By referring to the Universal Declaration of Human Rights as "purely programmatic" (line 49) in nature, the author mo...

kassidee on December 14, 2019

If the stimulus is an cause and effect argument, will the fact that it is a cause and effect have to do with the answer choice?

If the stimulus has cause and effect reasoning, does that mean the answer will have to do with that cause and effect relationship always? Or can it just have to do with the conclusion alone?

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BenMingov on December 17, 2019

Hi Kassidee, thanks for bringing this up.

I think it is important to mention that creating hard blanket rules for the LSAT is a difficult and often times unrewarding exercise. While there may be cases that signify something usually happens or is the case, it is exceedingly difficult to establish rules such as these that will always be true.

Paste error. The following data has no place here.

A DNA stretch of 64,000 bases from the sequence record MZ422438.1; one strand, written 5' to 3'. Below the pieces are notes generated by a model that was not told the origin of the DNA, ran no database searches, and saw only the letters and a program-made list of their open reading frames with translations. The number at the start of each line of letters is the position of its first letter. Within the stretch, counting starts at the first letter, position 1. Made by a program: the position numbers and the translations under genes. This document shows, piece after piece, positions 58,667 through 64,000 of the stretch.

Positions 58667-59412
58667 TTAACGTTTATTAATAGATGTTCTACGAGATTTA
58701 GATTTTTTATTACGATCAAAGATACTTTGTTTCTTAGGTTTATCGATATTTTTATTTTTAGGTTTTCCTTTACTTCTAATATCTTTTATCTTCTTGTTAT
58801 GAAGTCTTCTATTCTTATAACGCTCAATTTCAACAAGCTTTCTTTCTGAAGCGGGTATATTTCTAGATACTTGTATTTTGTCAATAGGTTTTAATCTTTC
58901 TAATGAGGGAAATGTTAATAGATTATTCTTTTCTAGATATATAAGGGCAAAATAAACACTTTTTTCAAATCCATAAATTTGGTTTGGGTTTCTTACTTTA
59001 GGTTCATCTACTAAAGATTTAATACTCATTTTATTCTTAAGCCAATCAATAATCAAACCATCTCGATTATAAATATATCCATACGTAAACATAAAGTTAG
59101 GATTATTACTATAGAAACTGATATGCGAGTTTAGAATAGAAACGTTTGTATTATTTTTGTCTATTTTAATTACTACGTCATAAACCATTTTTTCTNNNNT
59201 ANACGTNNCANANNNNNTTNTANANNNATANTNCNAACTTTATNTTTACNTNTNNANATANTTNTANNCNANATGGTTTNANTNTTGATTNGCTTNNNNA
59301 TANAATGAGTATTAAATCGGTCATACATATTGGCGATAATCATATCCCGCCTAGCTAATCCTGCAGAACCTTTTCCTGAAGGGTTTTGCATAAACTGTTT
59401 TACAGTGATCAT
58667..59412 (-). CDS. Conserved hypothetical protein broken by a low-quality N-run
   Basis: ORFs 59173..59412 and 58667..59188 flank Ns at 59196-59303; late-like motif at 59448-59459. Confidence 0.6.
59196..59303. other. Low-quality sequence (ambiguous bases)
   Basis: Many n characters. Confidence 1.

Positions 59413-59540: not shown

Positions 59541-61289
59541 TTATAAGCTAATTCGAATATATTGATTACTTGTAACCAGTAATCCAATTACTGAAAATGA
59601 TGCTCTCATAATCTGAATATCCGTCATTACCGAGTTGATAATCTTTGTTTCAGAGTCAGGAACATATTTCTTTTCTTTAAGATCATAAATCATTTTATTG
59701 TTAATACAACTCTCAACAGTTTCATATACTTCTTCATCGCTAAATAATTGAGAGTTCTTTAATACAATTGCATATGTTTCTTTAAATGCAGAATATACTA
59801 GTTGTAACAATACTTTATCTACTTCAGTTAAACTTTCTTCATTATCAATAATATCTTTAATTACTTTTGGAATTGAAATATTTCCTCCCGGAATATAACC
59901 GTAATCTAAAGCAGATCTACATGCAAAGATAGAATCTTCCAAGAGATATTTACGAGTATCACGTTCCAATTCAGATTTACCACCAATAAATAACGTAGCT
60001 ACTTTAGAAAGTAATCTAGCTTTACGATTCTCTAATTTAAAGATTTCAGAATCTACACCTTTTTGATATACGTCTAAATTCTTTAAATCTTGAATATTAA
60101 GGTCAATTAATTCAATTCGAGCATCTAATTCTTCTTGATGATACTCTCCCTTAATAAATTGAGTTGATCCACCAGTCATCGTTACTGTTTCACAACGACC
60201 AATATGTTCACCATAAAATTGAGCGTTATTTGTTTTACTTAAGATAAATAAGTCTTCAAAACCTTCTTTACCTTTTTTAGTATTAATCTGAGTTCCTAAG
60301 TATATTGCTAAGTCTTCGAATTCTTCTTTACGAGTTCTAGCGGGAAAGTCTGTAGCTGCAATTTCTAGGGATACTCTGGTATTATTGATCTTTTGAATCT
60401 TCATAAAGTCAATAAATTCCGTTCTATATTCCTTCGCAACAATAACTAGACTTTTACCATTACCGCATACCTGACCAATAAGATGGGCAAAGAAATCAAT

When we see cause and effect reasoning, note whether it is flawed or not. Often times (perhaps, even usually) it will be. There is a great possibility that the question will somehow hinge on your understanding that the reasoning is flawed and how the error was made in going from reasoning to conclusion. It is best to be flexible with your approach and always take each passage/question at face value and evaluate accordingly.

If you have a specific question that made you consider this and would like one of us to elaborate on it more specifically, please reply and note which question it is! Best of luck with your studies!